Road Surface Marking Tape is a heavy-grade material with reflective beads embedded in the plastic. It is commonly used to mark crosswalks, stop bars, and traffic guidance such as turn lanes, HOV lanes, train crossings, pedestrian crossings, taxi lanes, bus lanes, and bike lanes. There are two ways to apply tape:
- Overlay—The application being laid over the surface of the pavement. Using industrial-grade rubber cement, once the tape is combined with the pavement, it should last three years. Major obstacles to estimated life are snow-plows, salt, and mis-application.
- Inlay—The tape physically becomes part of the asphalt. Using the heat generated in the paving process, road workers lay special tape on the asphalt in the hardening process, and rollers compress the two together.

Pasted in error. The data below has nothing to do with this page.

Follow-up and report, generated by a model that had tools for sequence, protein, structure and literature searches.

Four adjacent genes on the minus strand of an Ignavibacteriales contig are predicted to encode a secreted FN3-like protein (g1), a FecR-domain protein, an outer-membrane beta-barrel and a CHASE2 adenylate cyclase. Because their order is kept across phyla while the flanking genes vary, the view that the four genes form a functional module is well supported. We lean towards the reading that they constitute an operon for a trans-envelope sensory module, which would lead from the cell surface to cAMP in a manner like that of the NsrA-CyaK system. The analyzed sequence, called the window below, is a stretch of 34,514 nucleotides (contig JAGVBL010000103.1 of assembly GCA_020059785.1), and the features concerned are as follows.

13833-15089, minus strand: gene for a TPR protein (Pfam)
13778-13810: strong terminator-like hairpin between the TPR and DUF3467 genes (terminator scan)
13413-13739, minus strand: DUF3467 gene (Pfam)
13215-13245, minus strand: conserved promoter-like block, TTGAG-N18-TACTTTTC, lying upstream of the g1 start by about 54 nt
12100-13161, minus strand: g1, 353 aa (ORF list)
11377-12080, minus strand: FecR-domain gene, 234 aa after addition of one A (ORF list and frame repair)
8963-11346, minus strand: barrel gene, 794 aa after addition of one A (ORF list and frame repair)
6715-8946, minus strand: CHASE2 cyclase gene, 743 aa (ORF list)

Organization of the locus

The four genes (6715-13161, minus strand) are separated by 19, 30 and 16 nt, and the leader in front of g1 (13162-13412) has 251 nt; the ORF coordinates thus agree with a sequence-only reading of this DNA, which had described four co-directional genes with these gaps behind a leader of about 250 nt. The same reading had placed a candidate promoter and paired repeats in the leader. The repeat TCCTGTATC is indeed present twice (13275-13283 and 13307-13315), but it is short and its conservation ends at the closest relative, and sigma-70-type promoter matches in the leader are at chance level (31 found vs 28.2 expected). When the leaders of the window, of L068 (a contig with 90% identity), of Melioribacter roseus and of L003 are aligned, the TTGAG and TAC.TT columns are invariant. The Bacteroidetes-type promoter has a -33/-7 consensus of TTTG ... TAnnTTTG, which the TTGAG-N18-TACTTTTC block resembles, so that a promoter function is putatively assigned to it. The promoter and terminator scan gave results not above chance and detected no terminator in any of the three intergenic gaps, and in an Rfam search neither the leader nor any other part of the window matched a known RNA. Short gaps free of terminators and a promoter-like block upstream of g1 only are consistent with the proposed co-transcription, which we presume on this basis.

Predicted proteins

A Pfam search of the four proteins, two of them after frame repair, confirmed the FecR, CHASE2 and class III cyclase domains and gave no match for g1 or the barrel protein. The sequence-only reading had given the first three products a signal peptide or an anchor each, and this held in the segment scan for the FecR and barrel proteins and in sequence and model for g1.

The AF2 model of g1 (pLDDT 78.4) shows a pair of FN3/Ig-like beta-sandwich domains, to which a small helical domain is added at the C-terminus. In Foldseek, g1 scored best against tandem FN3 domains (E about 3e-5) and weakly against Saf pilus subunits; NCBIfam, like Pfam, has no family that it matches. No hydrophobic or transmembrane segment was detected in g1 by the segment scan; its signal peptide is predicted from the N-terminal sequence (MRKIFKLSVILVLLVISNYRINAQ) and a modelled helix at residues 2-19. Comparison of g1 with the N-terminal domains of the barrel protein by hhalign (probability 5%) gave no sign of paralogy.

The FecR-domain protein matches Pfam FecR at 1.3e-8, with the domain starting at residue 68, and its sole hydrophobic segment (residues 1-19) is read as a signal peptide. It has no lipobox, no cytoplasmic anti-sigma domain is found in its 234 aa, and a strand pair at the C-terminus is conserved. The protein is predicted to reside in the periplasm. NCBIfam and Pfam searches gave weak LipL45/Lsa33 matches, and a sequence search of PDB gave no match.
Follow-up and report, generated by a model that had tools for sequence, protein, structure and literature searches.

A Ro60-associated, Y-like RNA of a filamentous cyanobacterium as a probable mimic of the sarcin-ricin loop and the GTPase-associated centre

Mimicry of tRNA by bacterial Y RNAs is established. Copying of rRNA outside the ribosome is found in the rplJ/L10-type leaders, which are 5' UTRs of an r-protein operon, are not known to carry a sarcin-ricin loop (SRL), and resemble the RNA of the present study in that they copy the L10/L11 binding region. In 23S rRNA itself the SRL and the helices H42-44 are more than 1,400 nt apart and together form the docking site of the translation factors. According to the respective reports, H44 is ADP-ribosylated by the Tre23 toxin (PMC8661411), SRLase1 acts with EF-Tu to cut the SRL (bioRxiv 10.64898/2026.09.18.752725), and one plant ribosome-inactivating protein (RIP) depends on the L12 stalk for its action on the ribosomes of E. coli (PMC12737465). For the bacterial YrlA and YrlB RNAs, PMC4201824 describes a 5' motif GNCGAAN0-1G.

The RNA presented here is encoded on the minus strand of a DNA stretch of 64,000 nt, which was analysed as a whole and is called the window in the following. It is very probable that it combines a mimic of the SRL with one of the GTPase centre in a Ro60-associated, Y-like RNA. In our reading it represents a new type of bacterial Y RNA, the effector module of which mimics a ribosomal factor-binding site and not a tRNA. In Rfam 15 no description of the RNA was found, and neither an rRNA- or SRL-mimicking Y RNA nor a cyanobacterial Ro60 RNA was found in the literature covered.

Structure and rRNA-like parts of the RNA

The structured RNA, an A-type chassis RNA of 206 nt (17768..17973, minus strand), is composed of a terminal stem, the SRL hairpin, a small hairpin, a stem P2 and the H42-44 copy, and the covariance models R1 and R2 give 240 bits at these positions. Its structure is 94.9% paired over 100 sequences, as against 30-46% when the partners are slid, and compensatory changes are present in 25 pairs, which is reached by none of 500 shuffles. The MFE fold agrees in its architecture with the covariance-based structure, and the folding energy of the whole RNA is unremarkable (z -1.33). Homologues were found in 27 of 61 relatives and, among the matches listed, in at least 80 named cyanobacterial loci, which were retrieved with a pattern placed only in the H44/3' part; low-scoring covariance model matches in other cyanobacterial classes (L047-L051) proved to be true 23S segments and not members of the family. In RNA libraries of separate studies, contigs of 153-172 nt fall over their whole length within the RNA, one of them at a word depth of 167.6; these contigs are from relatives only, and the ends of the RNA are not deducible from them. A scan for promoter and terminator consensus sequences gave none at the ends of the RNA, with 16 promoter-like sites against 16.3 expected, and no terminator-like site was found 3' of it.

The life of the preformed polymer tapes can vary based on the applications. If applied correctly, they can last between 4 and 8 years. However, there have been cases where tape failures start soon after the installation. Conditions that may contribute to the tapes to peel off are the time of year of the installation that is too close to the winter, surface preparation, and workmanship. A technique that can be used to minimize the tape getting scraped off by snowplows is sandblasting a groove into the surface and fixing the tape onto this groove. This technique diminishes the advantage of low labor cost of the tapes. The preformed polymer tape markings are slippery when wet, especially in large sections such as crosswalks, and caution should be used due to poor wet traction.